Londonlicious, the city’s celebration of its restaurant industry, embraces the delivery-takeout world
Photo: Staff at Craft Farmacy, one of the participating restaurants in the Londonlicious Delivery Take-Out Home Edition (credit: Craft Farmacy)
LONDONLICIOUS, THE CITY’S twice-annual celebration of its many great restaurants, was inevitably going to look a little different this year: the dining rooms are empty, the plates replaced with takeout containers and the menus are all virtual as the festival fittingly pivots to takeout and delivery for this year’s lockdown edition.
If you’ve never caught a meal during a previous Londonlicious, the concept is simple: a three-course meal at an affordable price-point. For the decade or so that realtor Andrew Wilson has been running it, the program has been a successful way to get people out to try new restaurants or revisit old favourites.
The winter lockdown has changed all that, and with it, Londonlicious itself has had to change. This year, Wilson — with some backing from Tourism London and other government partners — has made it free for any restaurant to participate.
Wilson says he conceived of this year’s Londonlicious as a counterbalance to the ever-present bad news from the restaurant sector lately. For those struggling restaurants, Wilson wanted to be able to help in some way.
“What can we do to help you get out there in the world?” he asked. “This is my way of trying to give back in the community.”
Like other years, Londonlicious features a selection of local restaurants offering fixed-menu, multi-course meals for a very reasonable price. The menu offerings, pricing details and available hours from each participating restaurant are available for viewing on the Londonlicious website, and meals can be ordered for either pick-up or delivery via the establishment’s delivery platforms.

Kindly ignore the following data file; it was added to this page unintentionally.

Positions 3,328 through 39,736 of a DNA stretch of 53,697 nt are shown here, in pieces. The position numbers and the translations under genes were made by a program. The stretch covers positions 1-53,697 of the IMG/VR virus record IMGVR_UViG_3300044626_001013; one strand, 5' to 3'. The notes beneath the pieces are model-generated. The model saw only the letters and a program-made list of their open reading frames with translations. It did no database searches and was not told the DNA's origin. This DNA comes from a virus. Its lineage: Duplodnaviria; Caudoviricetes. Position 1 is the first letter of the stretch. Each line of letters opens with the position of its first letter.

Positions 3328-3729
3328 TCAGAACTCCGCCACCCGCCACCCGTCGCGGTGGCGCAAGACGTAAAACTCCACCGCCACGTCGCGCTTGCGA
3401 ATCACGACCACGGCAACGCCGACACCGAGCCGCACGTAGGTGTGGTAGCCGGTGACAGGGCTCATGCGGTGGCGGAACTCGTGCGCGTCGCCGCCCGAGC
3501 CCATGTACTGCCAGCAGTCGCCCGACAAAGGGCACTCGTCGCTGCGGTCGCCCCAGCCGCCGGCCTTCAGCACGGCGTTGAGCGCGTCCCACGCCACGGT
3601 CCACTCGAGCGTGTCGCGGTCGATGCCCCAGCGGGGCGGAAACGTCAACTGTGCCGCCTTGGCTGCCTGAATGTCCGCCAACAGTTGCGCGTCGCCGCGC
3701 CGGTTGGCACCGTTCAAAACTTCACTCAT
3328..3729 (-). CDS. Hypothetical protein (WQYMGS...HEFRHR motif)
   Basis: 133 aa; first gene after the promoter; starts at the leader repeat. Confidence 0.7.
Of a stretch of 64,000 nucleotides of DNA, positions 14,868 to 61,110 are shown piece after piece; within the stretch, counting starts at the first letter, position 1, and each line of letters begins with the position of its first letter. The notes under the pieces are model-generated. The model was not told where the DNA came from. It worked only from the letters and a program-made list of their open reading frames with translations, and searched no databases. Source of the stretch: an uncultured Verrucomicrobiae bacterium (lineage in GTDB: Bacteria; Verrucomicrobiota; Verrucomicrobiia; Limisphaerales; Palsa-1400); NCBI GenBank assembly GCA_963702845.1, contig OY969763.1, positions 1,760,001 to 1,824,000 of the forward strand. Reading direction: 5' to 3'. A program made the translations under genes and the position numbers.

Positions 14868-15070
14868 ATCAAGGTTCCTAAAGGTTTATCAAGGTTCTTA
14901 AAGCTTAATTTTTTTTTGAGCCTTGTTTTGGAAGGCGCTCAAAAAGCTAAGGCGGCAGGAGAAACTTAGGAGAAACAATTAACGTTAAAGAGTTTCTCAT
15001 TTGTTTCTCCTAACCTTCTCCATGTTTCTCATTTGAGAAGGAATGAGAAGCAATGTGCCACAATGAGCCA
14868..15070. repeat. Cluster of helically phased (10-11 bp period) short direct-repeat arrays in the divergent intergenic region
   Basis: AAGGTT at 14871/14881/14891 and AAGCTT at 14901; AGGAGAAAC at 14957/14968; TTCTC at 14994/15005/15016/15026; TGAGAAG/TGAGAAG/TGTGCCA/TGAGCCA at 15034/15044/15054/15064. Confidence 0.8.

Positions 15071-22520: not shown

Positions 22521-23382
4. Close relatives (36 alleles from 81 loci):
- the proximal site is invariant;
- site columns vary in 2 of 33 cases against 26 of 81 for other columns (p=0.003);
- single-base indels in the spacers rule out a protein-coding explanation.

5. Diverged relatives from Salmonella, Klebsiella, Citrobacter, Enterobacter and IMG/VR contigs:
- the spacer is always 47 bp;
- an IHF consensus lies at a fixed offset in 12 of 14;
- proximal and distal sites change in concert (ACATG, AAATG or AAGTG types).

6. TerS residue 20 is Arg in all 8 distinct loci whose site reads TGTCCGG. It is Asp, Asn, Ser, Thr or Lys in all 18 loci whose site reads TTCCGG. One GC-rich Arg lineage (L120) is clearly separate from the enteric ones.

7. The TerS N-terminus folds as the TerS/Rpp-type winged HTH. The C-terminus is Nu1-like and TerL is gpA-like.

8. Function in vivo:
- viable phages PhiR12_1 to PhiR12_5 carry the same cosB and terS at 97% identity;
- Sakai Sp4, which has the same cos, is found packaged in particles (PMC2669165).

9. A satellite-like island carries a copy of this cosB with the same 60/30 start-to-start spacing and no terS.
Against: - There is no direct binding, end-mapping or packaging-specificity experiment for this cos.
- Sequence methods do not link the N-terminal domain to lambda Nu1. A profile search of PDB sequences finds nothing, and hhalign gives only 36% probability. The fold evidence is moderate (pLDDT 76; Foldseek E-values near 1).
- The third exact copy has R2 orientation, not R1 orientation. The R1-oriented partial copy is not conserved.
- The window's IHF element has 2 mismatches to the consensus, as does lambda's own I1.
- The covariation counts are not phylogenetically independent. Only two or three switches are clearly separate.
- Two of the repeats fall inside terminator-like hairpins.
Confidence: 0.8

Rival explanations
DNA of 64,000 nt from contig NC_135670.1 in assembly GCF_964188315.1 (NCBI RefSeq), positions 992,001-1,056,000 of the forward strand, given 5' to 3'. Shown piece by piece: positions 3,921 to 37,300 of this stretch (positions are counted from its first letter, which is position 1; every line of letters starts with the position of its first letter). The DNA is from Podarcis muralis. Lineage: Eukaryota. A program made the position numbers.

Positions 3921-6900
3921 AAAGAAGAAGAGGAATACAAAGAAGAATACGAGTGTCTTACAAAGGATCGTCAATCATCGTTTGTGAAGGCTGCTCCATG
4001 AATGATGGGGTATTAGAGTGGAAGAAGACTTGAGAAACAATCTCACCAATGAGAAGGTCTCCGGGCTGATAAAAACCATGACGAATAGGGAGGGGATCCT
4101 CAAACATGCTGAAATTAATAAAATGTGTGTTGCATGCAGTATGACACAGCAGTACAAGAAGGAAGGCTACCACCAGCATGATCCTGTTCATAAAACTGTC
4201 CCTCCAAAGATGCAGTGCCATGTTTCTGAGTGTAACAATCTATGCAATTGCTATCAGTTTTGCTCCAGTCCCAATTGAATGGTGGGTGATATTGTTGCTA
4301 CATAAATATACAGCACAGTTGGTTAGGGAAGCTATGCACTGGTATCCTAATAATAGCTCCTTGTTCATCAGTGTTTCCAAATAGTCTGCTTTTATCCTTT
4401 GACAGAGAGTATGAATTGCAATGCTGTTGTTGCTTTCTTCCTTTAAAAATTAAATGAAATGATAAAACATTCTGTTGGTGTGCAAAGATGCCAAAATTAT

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This year, the goal isn’t just to promote participating restaurants, but to remind Londoners that seeing a thriving food sector on the other side of the pandemic means supporting your favourite spots now, while they’re hurting.
“I believe all restaurants in London need a helping hand,” Wilson says. “I’m happy to have anyone order from anywhere.”
So far, around two dozen restaurants have officially signed up for the festival, which runs until the end of February. The lineup, Wilson says, will likely look a little different by the end of the month as more restaurants join in. “I’ll take a restaurant on February 27th, if they want,” he says.
Londonlicious has never really been about hitting sales targets or meeting quotas, Wilson explains ― and that’s no different this year, either. It’s about getting out of your culinary rut, expanding your restaurant horizons or ordering from a place you might’ve otherwise skipped. Maybe that’s takeout date night and ordering some fine dining to-go, or maybe it’s a casual noodle dish for a Friday-night hangout. Whatever it is, Wilson says, ordering a Londonlicious meal will help to get the restaurant industry to the other side of a punishing pandemic.
When all this is over, says Wilson, he wants to be able to look back on this year’s promotion and see that he, and many others in the city, were able to kick in a bit to help the sector he loves.
“We are where we are,” he says. “But every little bit helps.” Kieran Delamont